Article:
Posthumanism and transhumanism are philosophies that envision possible relations between humans and posthumans. Critical versions of posthumanism and transhumanism examine the idea of potential threats involved in human–posthuman interactions (i.e., species extinction, species domination, AI takeover) and propose precautionary measures against these threats by elaborating protocols for the prosocial use of technology. Critics of these philosophies usually argue against the reality of the threats or dispute the feasibility of the proposed measures. We take this debate back to its modern roots. The play that gave the world the term “robot” (R.U.R.: Rossum’s Universal Robots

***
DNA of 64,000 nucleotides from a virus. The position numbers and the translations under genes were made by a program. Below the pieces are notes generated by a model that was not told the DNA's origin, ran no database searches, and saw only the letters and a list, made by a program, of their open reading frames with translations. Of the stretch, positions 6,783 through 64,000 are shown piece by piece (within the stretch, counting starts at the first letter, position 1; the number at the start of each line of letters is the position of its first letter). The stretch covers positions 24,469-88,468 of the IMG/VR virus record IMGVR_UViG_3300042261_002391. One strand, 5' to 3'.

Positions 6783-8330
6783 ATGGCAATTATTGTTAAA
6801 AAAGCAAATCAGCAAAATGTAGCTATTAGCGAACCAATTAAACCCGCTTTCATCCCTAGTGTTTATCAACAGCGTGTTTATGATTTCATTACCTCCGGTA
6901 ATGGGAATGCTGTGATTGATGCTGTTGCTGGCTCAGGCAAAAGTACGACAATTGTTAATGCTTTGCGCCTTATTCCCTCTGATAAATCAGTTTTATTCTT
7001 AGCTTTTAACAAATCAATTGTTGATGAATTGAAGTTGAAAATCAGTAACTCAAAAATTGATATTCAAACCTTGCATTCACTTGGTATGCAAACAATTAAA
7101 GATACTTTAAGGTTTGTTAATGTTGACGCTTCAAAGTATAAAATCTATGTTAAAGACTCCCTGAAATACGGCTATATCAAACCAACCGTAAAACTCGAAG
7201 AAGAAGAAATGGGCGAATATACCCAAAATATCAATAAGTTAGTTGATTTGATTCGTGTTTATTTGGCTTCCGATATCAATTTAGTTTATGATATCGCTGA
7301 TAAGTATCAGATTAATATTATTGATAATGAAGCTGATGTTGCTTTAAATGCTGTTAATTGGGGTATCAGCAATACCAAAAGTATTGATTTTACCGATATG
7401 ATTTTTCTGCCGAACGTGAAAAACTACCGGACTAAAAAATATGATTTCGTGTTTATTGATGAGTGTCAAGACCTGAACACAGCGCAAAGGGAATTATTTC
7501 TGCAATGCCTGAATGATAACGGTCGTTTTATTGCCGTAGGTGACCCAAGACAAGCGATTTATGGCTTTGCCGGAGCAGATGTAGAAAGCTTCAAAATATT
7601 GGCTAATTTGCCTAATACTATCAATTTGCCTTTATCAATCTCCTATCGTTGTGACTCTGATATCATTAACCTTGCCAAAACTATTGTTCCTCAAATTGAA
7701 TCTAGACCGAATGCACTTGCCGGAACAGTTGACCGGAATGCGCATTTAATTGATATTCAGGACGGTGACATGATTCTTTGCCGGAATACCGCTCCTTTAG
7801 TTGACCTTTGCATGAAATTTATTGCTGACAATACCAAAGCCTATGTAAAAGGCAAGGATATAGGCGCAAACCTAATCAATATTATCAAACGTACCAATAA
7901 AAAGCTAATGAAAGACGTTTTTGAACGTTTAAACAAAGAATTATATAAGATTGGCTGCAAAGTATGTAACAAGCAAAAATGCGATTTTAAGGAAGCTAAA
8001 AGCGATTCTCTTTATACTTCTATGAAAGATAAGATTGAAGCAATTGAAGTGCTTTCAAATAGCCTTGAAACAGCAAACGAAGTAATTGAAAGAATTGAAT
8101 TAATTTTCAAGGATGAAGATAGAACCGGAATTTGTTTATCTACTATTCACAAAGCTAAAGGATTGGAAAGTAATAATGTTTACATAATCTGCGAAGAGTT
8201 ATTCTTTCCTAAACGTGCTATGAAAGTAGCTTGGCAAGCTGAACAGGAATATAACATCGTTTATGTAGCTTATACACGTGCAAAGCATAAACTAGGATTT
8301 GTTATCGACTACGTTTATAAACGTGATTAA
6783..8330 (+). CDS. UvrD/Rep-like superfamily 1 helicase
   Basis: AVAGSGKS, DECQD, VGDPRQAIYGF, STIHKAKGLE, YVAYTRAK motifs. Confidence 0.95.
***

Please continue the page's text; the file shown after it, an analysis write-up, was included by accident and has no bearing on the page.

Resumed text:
) is nowadays remembered mostly as a particular instance of an absurd apocalyptic vision about the doom of the human species through technology. However, we demonstrate that Karel Čapek assumed that a negative interpretation of human–posthuman interactions emerges mainly from the human inability to think clearly about extinction, spirituality, and technology. We propose that the conflictual interpretation of human–posthuman interactions can be overcome by embracing Čapek’s religiously and philosophically-inspired theory of altruism remediated by technology. We argue that this reinterpretation of altruism may strengthen the case for a more positive outlook on human–posthuman interactions.
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